figure 5

Representative ITC titrations of Syt-II to BoNT/B, without (a) and with (b) pre-incubation of 75 μM GD1a. (a) KD=0.14±0.05 μM, (b) KD=0.18±0.06 μM. The error is the s.d. on at least two independent measurements. The baseline above zero in b is due to a slight buffer mismatch, and does not influence the calculated values.


The dual receptor concept for BoNT family toxins was proposed 27 years ago37. The ternary structure, of BoNT/B bound to both Syt-II and GD1a concurrently, presented here, now proves the dual receptor model at the structural level. The structure demonstrates that the binding sites are separate and there are only minor changes in the structure upon binding of the receptors. There is no allosteric contribution in the binding of Syt-II and GD1a to BoNT/B. Due to the high sequence similarity between the recognition domains of Syt-I and Syt-II, it is likely that these receptors bind the toxin in a very similar way.

This is the first structure reported of BoNT/B bound to a complex ganglioside. Previous experiments have shown that GT1b and GD1a support BoNT/B binding, but that GD1b and GM1 bind substantially weaker21,36,38. The structure presented here reveals the structural basis for this selectivity that arises from the interactions of Sia5. The Sia5 moiety is strongly bound to BoNT/B with key interactions for the overall binding of the ganglioside. Both GT1b and GD1a have a Sia5 moiety, whereas GD1b and GM1 do not, explaining the differences in affinity. Furthermore, K1265 and R1269, close to W1262, are well positioned to interact with the second sialic acid moiety present in GT1b (but not in GD1a), likely contributing to GT1b having even higher affinity than GD1a for binding BoNT/B25,36.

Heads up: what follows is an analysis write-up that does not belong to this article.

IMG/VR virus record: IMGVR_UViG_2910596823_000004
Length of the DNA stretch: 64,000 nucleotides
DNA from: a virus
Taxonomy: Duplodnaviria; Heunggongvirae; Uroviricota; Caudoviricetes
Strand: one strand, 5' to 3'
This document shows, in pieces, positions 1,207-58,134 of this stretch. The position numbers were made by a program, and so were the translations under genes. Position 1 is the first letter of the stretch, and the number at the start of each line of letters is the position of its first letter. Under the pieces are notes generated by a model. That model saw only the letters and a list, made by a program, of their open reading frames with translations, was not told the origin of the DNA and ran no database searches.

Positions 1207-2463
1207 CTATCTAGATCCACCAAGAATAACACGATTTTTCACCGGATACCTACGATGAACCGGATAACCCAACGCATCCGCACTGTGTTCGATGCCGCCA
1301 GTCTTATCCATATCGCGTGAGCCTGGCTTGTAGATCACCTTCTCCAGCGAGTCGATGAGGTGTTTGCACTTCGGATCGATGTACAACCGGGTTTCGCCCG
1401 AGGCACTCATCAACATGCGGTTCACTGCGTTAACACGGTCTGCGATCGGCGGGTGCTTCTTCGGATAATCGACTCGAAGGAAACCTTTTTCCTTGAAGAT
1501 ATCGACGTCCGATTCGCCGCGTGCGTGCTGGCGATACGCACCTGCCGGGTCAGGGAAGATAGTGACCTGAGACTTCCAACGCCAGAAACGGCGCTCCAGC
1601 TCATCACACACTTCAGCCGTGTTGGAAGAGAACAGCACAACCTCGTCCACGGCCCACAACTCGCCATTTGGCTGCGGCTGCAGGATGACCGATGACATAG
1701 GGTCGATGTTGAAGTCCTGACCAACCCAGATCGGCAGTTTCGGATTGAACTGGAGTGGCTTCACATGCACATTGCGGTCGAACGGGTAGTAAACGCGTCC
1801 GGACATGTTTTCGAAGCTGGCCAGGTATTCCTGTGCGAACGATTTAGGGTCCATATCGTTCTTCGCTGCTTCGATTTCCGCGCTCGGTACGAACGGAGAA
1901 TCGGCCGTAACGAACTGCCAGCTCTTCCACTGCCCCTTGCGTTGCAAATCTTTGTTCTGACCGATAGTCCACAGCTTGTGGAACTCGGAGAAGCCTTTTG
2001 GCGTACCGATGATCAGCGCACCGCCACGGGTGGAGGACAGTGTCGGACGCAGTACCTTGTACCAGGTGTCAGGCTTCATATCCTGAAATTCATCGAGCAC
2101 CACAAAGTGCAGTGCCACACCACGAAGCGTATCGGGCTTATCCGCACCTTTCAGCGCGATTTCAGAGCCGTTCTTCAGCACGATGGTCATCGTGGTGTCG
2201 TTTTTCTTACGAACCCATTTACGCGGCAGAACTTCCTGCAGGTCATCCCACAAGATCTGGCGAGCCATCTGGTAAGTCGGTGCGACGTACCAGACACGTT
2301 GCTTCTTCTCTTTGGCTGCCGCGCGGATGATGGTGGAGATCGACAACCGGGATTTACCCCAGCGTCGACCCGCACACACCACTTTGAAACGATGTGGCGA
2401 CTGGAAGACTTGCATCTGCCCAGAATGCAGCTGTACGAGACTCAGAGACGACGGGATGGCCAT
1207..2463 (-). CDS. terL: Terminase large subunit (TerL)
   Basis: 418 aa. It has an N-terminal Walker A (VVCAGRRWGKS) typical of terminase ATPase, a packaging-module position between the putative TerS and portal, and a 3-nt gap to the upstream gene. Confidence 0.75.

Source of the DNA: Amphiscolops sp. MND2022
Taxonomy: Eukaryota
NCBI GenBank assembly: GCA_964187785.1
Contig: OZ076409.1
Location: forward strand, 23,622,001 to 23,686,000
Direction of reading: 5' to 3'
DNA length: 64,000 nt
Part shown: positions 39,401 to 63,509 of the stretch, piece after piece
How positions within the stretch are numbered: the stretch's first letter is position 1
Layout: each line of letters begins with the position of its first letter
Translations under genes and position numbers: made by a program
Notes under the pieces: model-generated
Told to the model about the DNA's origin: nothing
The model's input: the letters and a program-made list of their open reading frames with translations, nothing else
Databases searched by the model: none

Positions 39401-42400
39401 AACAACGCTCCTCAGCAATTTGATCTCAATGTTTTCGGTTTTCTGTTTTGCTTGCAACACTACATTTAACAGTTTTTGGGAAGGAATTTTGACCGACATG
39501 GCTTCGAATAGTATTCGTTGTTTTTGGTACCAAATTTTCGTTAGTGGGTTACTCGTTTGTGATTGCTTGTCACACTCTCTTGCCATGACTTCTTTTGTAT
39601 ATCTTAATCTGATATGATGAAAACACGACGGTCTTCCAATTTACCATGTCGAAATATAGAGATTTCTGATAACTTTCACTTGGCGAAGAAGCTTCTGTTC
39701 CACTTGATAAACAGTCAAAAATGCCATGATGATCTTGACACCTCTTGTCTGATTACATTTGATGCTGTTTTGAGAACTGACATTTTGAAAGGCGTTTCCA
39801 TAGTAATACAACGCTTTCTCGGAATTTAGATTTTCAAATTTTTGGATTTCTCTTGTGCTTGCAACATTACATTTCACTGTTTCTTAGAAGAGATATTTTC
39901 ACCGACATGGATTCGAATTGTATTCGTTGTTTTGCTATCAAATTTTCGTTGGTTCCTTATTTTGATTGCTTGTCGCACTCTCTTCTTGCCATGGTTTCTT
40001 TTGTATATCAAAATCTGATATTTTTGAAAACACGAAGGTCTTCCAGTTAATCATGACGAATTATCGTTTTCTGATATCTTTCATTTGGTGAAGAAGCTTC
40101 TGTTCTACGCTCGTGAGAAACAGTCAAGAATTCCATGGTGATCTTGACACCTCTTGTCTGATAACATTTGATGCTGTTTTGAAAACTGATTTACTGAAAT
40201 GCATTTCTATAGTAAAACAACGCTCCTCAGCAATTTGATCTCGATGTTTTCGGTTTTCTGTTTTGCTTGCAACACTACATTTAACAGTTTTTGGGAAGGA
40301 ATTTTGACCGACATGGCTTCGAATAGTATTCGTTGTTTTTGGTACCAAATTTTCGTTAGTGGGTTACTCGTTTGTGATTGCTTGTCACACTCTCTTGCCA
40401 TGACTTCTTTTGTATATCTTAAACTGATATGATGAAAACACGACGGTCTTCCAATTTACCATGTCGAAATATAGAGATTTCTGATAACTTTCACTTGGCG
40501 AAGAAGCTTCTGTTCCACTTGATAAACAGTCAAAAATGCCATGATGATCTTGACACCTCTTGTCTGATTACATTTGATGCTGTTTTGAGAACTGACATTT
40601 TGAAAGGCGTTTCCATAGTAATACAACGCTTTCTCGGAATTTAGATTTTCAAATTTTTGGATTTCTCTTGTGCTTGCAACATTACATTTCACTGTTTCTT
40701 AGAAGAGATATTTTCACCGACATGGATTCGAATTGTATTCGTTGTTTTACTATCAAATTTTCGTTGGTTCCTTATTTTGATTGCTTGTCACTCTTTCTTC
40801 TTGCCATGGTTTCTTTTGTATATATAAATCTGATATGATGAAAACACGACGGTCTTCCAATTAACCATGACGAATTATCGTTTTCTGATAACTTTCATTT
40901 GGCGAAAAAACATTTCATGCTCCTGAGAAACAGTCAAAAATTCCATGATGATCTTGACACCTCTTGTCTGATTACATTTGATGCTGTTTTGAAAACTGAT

The detailed description of dual receptor binding to BoNT/B can be used to develop toxin countermeasures targeting both sites simultaneously, thus benefitting from the high affinity achieved by binding multiple sites, as naturally occurring in the BoNTs.


Constructs and peptides

The cDNA encoding BoNT/B-HC (residues 857–1291, GenBank: AB232927) was synthesized by GeneArt (Regensburg, Germany), with codon optimized for Escherichia coli expression. The cDNA encoding mouse Syt-II was generously provided by M. Fukuda (Ibaraki, Japan). The BoNT/B-HC·Syt-II fusion construct was built by fusing BoNT/B-HC directly to the N-terminus of Syt-II (residues 8–61) by overlapping PCR, and subcloned into pET-28a vector at Nhe/XhoI site. The following additional residues from pET28 vectors were also expressed in the fusion protein: